Moving the Goalposts: D.C. Again Changes Benchmarks for Next Reopening Phase  

People attend the "Commitment March: Get Your Knee Off Our Necks" protest against racism a

Washington, DC’s top health official, three months after the city entered the second phase of its reopening plan, again changed the criteria for lifting additional coronavirus-related restrictions, making it more difficult to move to the next phase.

D.C. began a phased reopening on May 29 and moved into Phase Two on June 22.

LaQuandra Nesbitt, the district’s top public health official, conceded that some changes have made it more challenging to enter Phase Three.

For example, the new test positivity goal of less than three percent is a “harder threshold to meet” now than before, when the rate was higher, she said.

“It’s not a function of easy to be in a particular phase. It’s the function of what the public health science has told us,” Nesbitt added.

She extended the list of data-driven goals, or gating criteria, for entering Phase Three from seven goals to nine. The change came when the city had already satisfied the vast majority (5) of the seven data-driven goals, or gating criteria, required to enter Phase Three.

Now, the district has four goals left to accomplish to move forward with the next reopening phase.

The new criteria include some conditions that the city had already met.

“These are the metrics that we’re following [now]; over half of them are not new,” Nesbitt proclaimed.

She indicated that the nation’s capital would not fully reopen until an effective vaccine or cure is available for “everybody in our community,” consistent with the recommendations of the Reopen DC Advisory Group guiding the city’s plans to lift restrictions.

D.C. is following a four-stage approach to ending the coronavirus-related curbs.

The new changes mark the second time that the city updated its criteria for moving to Phase Three.

In late July, Washington, DC, Mayor Muriel Bowser (D) announced changes to one of the benchmarks for entering Phase Three of reopening, the Washington Business Journal reported.

On Monday, Nesbitt indicated that she may change the benchmarks yet again.

“I would not commit to never changing the threshold of a metric,” as public health information about COVID-19 (coronavirus disease) changes, she declared.

“Our metrics indicate we are still experiencing moderate community spread and less than sufficient capacity and community engagement to move into Phase 3,” a D.C. Department of Health official told Breitbart News on Friday.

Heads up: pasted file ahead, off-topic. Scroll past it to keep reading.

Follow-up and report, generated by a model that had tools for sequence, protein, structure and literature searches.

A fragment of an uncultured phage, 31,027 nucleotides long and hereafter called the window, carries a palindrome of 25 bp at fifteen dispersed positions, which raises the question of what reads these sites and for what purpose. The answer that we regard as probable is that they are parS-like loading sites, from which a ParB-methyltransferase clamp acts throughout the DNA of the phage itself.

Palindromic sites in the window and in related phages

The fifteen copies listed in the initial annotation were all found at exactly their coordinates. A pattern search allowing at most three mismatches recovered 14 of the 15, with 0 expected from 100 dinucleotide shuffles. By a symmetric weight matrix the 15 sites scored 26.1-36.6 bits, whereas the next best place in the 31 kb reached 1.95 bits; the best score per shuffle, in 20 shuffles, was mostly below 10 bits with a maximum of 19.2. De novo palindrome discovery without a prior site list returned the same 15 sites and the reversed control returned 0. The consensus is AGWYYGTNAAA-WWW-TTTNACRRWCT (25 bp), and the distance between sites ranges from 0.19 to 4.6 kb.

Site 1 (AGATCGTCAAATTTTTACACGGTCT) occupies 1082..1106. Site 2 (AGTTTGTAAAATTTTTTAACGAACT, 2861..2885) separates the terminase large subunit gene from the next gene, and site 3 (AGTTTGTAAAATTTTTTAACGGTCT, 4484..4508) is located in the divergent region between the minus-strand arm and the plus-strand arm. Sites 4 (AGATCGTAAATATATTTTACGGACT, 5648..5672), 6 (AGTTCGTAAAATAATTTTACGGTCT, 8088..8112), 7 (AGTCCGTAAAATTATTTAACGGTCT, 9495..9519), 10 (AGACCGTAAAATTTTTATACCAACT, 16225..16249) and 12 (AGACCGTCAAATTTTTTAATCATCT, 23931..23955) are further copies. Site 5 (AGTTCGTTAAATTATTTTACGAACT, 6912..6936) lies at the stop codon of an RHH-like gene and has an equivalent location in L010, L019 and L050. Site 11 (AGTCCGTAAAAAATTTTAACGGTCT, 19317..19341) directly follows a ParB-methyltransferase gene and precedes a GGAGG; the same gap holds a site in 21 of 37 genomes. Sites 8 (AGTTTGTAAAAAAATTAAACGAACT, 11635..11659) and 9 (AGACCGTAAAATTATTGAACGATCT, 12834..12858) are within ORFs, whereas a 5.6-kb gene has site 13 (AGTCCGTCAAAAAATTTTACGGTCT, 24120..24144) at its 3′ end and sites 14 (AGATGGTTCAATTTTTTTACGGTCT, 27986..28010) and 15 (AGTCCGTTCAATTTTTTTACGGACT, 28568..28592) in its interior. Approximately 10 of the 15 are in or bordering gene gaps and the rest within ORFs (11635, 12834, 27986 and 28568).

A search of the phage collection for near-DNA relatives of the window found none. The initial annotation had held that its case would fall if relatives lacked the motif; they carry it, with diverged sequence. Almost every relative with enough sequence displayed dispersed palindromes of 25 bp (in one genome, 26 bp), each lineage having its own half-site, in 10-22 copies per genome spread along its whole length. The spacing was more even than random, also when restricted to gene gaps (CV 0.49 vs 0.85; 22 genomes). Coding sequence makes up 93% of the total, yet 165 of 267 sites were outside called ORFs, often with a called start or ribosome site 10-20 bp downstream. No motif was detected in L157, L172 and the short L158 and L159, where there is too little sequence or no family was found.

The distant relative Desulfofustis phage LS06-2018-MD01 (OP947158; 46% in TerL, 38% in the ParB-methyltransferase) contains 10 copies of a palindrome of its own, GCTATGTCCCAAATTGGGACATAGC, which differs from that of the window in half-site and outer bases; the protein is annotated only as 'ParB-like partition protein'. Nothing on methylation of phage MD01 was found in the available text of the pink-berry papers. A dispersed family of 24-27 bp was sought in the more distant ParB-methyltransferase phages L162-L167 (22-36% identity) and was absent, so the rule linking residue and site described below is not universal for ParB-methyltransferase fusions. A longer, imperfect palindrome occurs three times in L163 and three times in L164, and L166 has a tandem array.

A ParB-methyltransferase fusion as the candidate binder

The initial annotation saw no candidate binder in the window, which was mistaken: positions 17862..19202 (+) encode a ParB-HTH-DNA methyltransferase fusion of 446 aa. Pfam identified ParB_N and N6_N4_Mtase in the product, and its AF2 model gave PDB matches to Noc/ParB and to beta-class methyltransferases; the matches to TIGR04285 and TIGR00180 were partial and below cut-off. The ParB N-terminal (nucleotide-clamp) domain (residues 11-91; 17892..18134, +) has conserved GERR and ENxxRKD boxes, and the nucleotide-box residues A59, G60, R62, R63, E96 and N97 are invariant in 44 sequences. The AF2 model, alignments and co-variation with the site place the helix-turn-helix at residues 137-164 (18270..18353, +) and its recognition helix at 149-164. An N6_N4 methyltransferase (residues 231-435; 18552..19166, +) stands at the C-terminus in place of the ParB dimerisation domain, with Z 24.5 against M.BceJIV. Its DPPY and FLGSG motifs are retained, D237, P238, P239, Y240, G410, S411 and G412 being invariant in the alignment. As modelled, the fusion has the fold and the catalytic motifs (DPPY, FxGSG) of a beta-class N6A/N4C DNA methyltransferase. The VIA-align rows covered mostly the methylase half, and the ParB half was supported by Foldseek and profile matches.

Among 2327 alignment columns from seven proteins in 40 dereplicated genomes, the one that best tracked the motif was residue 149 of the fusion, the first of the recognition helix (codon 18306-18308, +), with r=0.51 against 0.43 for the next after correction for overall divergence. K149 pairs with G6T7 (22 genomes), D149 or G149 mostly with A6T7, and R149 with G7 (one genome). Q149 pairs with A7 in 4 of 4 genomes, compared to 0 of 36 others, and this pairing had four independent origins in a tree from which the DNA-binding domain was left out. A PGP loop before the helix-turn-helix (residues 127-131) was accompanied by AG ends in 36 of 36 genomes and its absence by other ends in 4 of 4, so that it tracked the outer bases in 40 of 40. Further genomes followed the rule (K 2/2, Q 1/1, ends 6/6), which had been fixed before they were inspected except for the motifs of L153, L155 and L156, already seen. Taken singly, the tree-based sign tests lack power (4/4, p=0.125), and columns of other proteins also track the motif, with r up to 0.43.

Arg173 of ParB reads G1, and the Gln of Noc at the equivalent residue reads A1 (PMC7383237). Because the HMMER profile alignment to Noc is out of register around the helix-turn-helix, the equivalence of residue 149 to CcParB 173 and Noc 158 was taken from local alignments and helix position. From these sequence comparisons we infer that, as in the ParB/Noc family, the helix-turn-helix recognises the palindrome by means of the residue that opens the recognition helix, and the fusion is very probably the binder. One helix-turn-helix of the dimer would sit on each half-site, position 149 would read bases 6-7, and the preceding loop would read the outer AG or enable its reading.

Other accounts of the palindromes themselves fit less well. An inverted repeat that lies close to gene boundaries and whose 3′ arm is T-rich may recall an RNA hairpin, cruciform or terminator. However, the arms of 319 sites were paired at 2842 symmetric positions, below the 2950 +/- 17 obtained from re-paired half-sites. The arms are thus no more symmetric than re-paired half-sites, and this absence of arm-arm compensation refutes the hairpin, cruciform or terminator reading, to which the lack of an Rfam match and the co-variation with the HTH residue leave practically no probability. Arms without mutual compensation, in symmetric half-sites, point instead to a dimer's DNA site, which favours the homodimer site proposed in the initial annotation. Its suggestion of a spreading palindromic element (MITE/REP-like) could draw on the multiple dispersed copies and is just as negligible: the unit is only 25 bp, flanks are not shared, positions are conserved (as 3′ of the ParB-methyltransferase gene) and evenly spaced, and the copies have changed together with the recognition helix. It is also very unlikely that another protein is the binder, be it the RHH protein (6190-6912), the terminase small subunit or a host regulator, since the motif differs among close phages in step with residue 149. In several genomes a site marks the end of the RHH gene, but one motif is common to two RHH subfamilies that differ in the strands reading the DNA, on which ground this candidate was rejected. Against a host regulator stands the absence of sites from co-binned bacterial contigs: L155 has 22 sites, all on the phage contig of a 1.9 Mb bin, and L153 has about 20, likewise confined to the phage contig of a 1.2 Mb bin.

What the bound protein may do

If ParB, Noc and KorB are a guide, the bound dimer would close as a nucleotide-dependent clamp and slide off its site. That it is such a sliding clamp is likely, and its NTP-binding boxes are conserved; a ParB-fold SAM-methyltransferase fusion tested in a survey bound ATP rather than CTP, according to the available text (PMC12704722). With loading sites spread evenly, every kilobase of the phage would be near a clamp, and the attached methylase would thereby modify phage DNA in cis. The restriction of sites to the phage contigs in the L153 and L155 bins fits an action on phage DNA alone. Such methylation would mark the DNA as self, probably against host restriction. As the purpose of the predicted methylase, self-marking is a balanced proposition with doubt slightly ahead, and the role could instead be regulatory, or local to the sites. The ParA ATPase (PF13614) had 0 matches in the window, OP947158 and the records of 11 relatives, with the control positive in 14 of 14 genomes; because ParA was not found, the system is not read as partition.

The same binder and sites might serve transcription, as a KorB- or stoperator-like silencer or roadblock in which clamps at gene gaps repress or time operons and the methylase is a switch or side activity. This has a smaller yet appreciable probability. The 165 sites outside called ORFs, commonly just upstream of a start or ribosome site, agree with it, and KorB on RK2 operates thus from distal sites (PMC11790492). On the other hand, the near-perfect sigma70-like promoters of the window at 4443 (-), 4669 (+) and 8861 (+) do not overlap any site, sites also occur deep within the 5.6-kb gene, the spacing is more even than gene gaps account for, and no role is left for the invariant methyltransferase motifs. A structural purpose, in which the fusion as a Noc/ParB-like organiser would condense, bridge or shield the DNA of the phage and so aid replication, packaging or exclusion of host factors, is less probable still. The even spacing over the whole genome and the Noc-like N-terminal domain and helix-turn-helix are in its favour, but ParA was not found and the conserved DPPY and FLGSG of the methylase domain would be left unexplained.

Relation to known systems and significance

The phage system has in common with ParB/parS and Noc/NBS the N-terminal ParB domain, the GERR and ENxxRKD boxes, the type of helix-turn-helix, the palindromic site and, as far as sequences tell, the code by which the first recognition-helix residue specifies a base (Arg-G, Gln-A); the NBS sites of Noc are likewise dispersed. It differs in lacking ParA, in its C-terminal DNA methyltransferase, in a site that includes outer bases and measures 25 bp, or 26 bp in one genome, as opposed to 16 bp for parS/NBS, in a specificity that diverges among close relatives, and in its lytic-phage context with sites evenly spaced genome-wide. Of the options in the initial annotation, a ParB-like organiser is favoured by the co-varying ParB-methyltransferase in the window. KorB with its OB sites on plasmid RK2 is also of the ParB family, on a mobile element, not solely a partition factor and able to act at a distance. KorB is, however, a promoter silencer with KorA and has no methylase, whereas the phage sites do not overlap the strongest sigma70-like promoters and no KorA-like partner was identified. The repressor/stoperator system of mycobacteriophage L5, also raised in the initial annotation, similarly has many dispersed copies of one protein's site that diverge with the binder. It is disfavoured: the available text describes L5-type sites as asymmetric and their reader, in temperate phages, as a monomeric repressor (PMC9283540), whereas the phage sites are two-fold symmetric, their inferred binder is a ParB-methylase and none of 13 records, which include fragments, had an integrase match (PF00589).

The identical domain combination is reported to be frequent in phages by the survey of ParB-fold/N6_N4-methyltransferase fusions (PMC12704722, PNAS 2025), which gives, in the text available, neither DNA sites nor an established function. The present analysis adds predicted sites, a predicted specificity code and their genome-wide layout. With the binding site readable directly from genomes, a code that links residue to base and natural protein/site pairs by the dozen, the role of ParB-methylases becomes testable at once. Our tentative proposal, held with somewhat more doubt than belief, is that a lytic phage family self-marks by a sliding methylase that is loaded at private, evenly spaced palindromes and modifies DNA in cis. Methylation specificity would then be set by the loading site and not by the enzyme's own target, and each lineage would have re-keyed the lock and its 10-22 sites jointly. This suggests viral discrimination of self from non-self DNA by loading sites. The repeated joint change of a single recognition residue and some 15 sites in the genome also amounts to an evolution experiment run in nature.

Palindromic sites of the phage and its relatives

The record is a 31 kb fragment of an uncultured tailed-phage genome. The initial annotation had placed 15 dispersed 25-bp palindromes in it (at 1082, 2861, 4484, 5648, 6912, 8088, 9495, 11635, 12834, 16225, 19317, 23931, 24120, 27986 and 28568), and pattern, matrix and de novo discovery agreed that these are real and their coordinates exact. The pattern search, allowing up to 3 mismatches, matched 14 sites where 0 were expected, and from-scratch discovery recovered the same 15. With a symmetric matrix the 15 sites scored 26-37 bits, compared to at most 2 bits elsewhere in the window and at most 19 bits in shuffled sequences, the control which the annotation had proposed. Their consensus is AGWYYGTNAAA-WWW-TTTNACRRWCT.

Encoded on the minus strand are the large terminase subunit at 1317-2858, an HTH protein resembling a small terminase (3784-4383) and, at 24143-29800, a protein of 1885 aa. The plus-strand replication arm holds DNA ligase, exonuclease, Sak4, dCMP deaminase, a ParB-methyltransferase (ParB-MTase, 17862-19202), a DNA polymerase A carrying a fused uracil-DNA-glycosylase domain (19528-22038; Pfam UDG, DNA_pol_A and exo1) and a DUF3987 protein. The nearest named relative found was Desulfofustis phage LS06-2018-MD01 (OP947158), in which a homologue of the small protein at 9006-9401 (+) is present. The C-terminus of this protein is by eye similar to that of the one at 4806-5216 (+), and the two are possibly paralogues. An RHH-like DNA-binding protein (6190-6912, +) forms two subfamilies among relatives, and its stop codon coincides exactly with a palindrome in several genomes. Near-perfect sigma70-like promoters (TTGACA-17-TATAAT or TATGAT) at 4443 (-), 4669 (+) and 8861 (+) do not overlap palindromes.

Per the data provided by Nesbitt on Monday, the new set of nine conditions required to enter Phase 3 include:

  • Not Met: On average, health officials must identify less than five new daily infections per 100,000 (currently stands at 7.4 cases).
  • Not Met: Officials must link more than 60 percent of new infections to other known cases (currently stands at six percent).
  • Not Met: An average test turnaround rate of two days (currently 2.1 days).
  • Not Met: More than 80 percent of individuals who test positive must complete a contact tracing interview within three days (currently 67 percent of infected people complete the interview).
  • Met: A test positivity rate of less than three percent (currently at 1.7 percent).
  • Met: Hospital bed utilization rate of less than 80 percent (currently at 70 percent).
  • Met: On average, percent of coronavirus patients at the hospital must be fewer than five percent (currently 4.2 percent).
  • Met: On average, contact tracing attempt within one day for more than 90 percent of people who test positive (currently at 99.6 percent).
  • Met: On average, contact tracing attempt within two days for more than 90 percent of close contacts of positive cases (currently at 99.7 percent).

Nesbitt did away with one of the initial thresholds — community spread, which took into account the number of infections outside settings such as jail and nursing homes.

The district relied on that metric to determine when to enter the first two reopening phases.

According to the mayor’s situational update presentation for Monday, the city did away with the community spread metric because the daily caseload is “too small.”

“When the rate gets low enough, then it loses its value, its usefulness,” Nesbitt said, referring to the transmission rate metric.

The city must meet all nine criteria to enter Phase Three, Nesbitt stressed.

“Metrics must be met for 14 consecutive days at each level before gradually entering the corresponding phase,” the city’s official coronavirus website explained. “Potential dial-backs are evaluated in conjunction with other data to inform decisions to re-establish restrictions.”

Nevertheless, Mayor Bowser indicated that she is mulling further lifting restrictions on some activities before moving to Phase Three.


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